It was a city, that much was recognizable, but it was unlike anything I had ever seen. It seemed to be made entirely of stone, but it did things I had never seen stone buildings do. The buildings seemed fluid, somehow, like they changed subtly as I was looking at them. Some of them seemed to be cone-shaped, which called to mind the pyramids but I couldn’t tell how they had even been built. All of them were covered in obscure arcane symbols. I tried to take it all in. It was simply overwhelming. “What is this place?” I managed to ask.

My voice must have given it all away. The woman took me by the hand again and led me away from the city. As soon as it was out of view, I felt more clear-headed and yet I wanted so badly to go back and figure out how it had been done. “It is His city. It has no name, or rather, it has many names unpronounceable to the human tongue. Those of us who dwell here call it Amarth’carr.”

“I don’t understand.”

She laughed. “Of course you don’t. You just arrived. You will, in time. The city changes you. It changes all of us.”

“I…I need to get back up to the surface.”

A smile crossed her face but I could tell she was displeased. “I’m afraid that’s out of the question. It would be bad luck to send away such a lovely present. There are few things worse than His anger, or so I have heard. I try my best to be a faithful servant.”

“Who are you talking about?” I wanted so desperately to know what was going on. I wanted her to explain everything to me.

We stopped walking. She touched my cheek. “You’ll understand soon enough. Are you hungry? I could explain more over food, if you’d like.”

She led me through another series of tunnels, not waiting for my answer. It was when we arrived at what I assumed to be some kind of banquet hall that I first saw one of the creatures she had mentioned at the city. It set down the tray of food it carried and walked to the woman with an irregular gait, hunched over with its hands clasped together. Its skin was an ashen grey; it had no discernible gender. Clearly at some point it – or its kind – had been human, but the resemblance was so faint that it was hard to tell anything about the creature. It made a little bow to the woman, who merely nodded, and as it scurried across the room I realized I had heard that sound before.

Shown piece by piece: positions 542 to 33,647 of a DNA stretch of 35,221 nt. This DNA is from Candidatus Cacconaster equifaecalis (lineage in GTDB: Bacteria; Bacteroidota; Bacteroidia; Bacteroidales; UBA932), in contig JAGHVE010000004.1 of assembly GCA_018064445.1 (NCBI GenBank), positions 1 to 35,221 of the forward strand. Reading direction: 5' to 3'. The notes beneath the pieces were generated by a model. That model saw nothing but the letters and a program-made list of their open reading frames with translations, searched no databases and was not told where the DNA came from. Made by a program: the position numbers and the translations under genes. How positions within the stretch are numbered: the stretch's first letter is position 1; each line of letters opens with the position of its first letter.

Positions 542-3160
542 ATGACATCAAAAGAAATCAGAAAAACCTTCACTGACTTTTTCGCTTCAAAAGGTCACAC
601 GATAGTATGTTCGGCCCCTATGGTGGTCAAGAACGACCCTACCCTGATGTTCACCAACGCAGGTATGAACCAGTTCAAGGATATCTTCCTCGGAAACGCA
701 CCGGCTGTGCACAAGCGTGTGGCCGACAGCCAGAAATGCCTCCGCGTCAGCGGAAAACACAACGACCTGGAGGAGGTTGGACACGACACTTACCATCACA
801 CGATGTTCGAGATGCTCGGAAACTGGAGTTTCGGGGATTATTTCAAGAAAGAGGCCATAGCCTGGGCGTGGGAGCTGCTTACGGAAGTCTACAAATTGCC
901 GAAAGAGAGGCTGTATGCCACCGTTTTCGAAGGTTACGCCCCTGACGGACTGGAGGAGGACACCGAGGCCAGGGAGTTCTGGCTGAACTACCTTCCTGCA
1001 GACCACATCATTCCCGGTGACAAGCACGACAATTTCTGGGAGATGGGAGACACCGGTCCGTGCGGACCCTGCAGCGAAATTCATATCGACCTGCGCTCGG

It was not rats who had been keeping me company when I was alone in the tunnels, not rats who placed a candle where I needed to go. I closed my eyes, hoping that maybe when I opened them I would wake up from whatever crazy dream I was in. I opened them. No such luck.

I opened them, and she was looking at me, bemused. “Sit. Eat. Tell me, what are you called, pretty present?”

“Sam.” I sat down near her, trying to discern what foods were in front of me. I decided I wasn’t hungry. “What’s your name?”

“You can call me Elenna,” she answered, a small smile on her face. She toyed with what looked like a dinner roll and mused, “You arrived at the perfect time, you know. There is a ceremony tonight, and you’ll get to see what most only dream of.” When I said nothing, she continued: “The stars will be aligning soon. I’m so glad I’ve gotten a present – it’s just like a holiday!”